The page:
Monday, June 23, 2014

The Obbard Overland

Many moons ago I was on a ride with the venerable - and famously frugal - Rick Steiner and we were having a discussion about the ultra mountain bike races up in Park City.  Rick said something to the effect of: "Why should I pay good money to ride 75 or a 100 miles on local trails when I can just do that anytime?"  To which I retorted "Because you never ride that far!"  Well, Rick took that as a challenge, and as an ode to his impending 60th birthday, organized the first "Steiner 100" mountain bike ride in the summer of 2006. Over the next few years the name informally changed to the "Steiner Memorial 100" to which Rick weakly bleated: "But I'm not dead!" No, not yet, but you're closer than most of us!

A couple of years ago Rick asked that the unbearable onus of organizing the ride and the subsequent party be taken over by someone else - and with that, the rights to the name of the "event" (if it really were "an event")  and of course there was only one person for the job:  uber-achiever and ultra-enthusiast Alex Obbard.   And thus this past weekend was the annual running of the Obbard Overland.
Only Alex would not only design the logo but also do the T-shirts for everybody!
The route has historically started up Emigration to the Mormon Trail, down to East Canyon Creek, hooked into the Park City trails, and ended flying down the Crest, Great Western, and back into Mill creek.  The earlier quest for the relatively-arbitrary 100 miles evolved into simply creating a long and elegant loop, and as such it's now a little less than 100 miles - enabling more time for the party! - but is an all-time ride that now uses the Pinebrook trails to climb to the Mid-Mountain trail that traverses to the Park City's newish Pine Cone trail that then leads up to the Crest.  The participants ebb and flow a little, but every year ~20 folks show up at Alex's house at dawn for a good long day in the saddle.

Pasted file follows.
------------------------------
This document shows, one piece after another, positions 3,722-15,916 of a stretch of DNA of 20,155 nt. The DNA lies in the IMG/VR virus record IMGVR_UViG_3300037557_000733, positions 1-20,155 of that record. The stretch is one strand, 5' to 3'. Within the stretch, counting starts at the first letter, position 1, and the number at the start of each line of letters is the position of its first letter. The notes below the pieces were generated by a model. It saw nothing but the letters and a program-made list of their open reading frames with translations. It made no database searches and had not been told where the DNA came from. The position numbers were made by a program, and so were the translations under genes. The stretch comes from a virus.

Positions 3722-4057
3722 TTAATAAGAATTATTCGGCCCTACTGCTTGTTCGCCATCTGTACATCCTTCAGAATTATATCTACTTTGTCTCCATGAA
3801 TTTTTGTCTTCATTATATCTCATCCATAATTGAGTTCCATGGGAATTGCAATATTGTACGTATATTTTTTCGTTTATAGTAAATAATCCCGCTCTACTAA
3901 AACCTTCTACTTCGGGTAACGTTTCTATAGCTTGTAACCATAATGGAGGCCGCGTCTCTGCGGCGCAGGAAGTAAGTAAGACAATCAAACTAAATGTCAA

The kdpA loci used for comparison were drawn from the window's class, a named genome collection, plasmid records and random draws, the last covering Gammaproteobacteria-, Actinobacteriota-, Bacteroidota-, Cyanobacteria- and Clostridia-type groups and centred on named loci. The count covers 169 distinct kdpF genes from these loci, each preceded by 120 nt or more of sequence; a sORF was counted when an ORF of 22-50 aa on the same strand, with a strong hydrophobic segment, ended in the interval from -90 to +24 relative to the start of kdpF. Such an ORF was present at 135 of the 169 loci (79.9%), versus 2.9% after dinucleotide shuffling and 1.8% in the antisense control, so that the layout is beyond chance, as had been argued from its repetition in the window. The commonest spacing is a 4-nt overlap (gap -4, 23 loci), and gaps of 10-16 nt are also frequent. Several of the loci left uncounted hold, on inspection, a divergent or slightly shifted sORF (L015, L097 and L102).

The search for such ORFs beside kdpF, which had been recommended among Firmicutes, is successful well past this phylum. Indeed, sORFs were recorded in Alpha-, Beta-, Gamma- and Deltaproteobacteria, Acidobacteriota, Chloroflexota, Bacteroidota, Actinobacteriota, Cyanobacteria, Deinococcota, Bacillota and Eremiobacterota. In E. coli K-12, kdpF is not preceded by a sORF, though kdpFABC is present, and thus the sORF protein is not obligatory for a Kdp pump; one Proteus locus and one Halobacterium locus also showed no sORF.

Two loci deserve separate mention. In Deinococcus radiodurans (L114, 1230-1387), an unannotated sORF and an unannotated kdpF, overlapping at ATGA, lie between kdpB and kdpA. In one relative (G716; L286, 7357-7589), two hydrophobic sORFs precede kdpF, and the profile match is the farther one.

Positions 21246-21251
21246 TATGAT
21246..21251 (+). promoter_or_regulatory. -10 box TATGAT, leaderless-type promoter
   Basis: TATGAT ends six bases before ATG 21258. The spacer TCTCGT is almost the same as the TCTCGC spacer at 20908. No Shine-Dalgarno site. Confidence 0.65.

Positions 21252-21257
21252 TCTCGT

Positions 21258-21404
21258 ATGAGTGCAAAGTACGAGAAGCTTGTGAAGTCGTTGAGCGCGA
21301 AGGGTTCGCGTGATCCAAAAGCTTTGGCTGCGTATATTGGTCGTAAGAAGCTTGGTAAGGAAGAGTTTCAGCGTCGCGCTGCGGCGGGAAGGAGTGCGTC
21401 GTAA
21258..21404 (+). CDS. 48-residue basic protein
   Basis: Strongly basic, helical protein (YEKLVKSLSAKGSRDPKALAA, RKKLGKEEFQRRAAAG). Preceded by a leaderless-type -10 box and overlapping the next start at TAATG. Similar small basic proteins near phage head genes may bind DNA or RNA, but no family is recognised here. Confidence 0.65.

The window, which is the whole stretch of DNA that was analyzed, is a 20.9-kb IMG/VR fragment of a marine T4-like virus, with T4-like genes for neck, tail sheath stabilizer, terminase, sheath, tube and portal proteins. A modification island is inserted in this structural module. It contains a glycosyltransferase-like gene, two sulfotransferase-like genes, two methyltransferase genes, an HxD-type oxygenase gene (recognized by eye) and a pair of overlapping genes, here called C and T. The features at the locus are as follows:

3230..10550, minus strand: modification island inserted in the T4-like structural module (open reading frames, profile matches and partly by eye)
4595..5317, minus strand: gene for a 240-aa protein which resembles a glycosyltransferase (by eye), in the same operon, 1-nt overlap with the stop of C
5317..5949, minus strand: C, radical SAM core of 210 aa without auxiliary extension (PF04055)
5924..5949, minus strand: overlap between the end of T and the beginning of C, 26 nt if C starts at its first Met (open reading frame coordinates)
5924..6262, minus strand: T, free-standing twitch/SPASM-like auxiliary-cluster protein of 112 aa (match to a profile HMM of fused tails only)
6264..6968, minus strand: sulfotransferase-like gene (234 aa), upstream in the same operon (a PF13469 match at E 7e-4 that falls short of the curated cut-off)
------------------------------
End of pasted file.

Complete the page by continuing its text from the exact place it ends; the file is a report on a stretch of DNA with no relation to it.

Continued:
The snow that fell early in the week caused emails to start flyin' about possible route changes, but ultimately a scouting mission indicated that the entire 10" of snow that fell up high would not only melt but also the trails would dry, and the only problem might be old snow that didn't get a chance to melt out during the storm, and the benefit was that the summertime dust that had already formed got mercifully tamped down to perfect-tacky (can we please have weekly rainstorms delivered this summer?).
The trails were in great shape.....
.....until they weren't.  However, the deadfalls were few and far between
We met the rest of the crew and - bless her heart! - Jill at Pinebrook, where we had a bit of a rest and made short work of the Nutella sandwiches and water that she brought up.

A bit of local knowledge was useful to navigate the maze of the Pinebrook trails, but soon enough everyone was on the Mid-Mountain blasting towards the Red Pine lodge, where we were able to picnic again and watch the freeriders slaying it in the Canyons mtb park (this sport seems vaguely familiar in that they are on 2-wheeled, non-motorized machines, but that's about where the similarity ends!).

As an aside.....why is it that ski resorts like Alta, Brighton, and Solitude "must.....have..... Interconnect! To make more money" and then let the barely-forward-thinking resorts like The Canyons and Deer Valley have the big, lucrative summertime crowds because they actually offer amenities that people want, like DH/freeride mtb parks, while their resorts are either deserted or have people wandering around on steep service roads wondering where they can spend money?

But I digress. The remainder of the day was pedaling over hill and dale on miles and miles of the Wasatch's best singletrack with blessedly overcast skies with no mechanicals, crashes to speak of, or issues besides a few cramps.
Why is this woman smiling?  She's on the tacky Crest with no joeys in sight!  (except her partners)
To end at Alex's where some of the gang relaxed:

Before the great party hosted by Alex and the lovely Sue, who doesn't mind a bunch of stinky, dirty cyclists tromping around in their house, dirtying towels, and mowing hard into all the food put into their general vicinity.

Jim Manos has been an integral part of the Steiner 100 and Obbard Overland, but he had a conflicting event on Saturday to celebrate  his cancer-beatage with hundreds of like comrades for 140 miles on the roads
I'd suck wheel on this guy!!
But of course he made it to the party!

Thanks again to Alex for carrying on a fun tradition! We'll be back for the 2015 version.
Another feather - or leaf, as it were - in the cap of the Obbard Overland's namesake

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